New strategy aims to address loss of natural habitats

Swaledale. Photo: Yorkshire Dales National Park Authority.

The loss of natural habitats across North Yorkshire is to be countered by a new strategy drawn up as part of a national government programme to help to improve the environment and tackle climate change.

The strategy will focus not only on supporting wildlife and their habitats but also consider wider environmental and health goals, including managing flooding, helping with carbon emissions and access to nature.

The council is to be one of 48 authorities in the UK to be charged with overseeing a Local Nature Recovery Strategy (LNRS).

It has been appointed as the ‘responsible authority’ for the preparation of the North Yorkshire and York LNRS which will map proposals to drive nature’s recovery and provide wider environmental benefits, and then establish the actions to achieve them.

That could see the creation of more wildflower meadows, tree planting, peatland restoration and wetland creation as well opportunities for people to monitor species.

The new, England-wide system was established by the Environment Bill with the areas covered by each strategy set by the Defra Secretary of State. They are part of an ambitious package of measures being introduced through the Bill to reverse nature’s decline.

Each strategy will agree priorities for nature’s recovery, map the most valuable existing areas for nature, and work up proposals for creating or improving habitats and wider environmental goals. The North Yorkshire and York LNRS will include the City of York, two National Parks – the Yorkshire Dales and the North York Moors – and three Areas of Outstanding Natural Beauty (AONB) covering the Howardian Hills, Nidderdale and part of the Forest of Bowland.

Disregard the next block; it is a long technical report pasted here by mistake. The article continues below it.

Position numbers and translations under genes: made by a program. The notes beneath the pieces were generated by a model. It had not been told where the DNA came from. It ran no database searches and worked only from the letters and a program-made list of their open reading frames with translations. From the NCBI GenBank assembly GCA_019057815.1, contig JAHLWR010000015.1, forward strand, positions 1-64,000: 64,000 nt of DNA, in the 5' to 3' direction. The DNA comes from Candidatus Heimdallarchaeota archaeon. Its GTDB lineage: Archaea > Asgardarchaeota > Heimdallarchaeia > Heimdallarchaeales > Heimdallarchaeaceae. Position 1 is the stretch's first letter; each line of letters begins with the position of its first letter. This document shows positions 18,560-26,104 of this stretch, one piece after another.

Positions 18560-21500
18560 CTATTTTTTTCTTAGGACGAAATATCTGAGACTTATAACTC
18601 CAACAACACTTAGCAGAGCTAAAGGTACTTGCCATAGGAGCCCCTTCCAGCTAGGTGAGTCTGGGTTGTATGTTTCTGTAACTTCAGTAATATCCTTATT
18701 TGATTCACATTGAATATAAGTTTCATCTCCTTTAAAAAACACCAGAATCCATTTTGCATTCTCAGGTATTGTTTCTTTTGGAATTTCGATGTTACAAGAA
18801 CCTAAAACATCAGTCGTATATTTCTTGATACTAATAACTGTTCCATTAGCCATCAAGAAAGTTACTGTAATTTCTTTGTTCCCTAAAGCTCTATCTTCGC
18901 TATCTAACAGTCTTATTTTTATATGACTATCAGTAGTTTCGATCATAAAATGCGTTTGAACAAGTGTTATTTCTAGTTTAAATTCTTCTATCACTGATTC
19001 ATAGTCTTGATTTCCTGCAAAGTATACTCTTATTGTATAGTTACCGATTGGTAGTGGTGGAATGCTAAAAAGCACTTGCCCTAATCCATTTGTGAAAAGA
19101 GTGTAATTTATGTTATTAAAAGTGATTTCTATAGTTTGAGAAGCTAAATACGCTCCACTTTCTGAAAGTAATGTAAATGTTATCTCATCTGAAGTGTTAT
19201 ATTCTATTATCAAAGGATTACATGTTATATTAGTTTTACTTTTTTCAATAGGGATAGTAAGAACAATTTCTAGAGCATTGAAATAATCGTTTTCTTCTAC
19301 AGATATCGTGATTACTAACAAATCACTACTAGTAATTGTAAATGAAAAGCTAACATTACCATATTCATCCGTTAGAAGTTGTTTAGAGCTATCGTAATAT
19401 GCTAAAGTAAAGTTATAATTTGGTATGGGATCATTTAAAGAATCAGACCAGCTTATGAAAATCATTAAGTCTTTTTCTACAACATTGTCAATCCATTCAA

North Yorkshire Council’s executive member for climate change, Cllr Greg White, said: “We expect our strategy to be a powerful new tool that will help the public, private and voluntary sectors work more effectively together, and enable collective effort to be focussed where it will have the most benefit.

“Key to achieving this will be creating genuine local collaboration with a partnership of organisations and individuals so we will be working with our national park authorities, AONB partnerships, town and parish councils, community groups, local landowners and farmers to ensure we create a thorough plan for our county and address its needs to direct our future policies and ambitions.

“We will also consult our residents in the autumn – they know our landscapes better than anyone.

“We will not only concentrate on wildlife species but address the wider environmental goals of managing flooding, carbon dioxide emissions and improving our health and well-being. Local Nature Recovery Strategies have been designed to work with all of these measures and to help link them together in a coherent and effective way.”

“Yorkshire’s protected landscapes (AONBs and National Parks) welcome North Yorkshire Council’s commitment to development of a Nature Recovery Strategy, complemented and supported by our own Nature Recovery Plans. We look forward to being key in delivering nature recovery across our areas,” said Ellie Hook, manager of the Howardian Hills AONB, on behalf of the three AONBs and the National Parks.

1 Comment

  1. A good chunk of the Yorkshire Dales is in a recognised ‘rainforest zone.’ And there are remnants (some quite big) of actual temperate rainforest right up to outer Sheffield. These should be better mapped, preserved and encouraged as our climate changes. More native species of trees and animals are welcome too imo. Rainforest lichens and moss creation in the Dales should be a priority in my humble.

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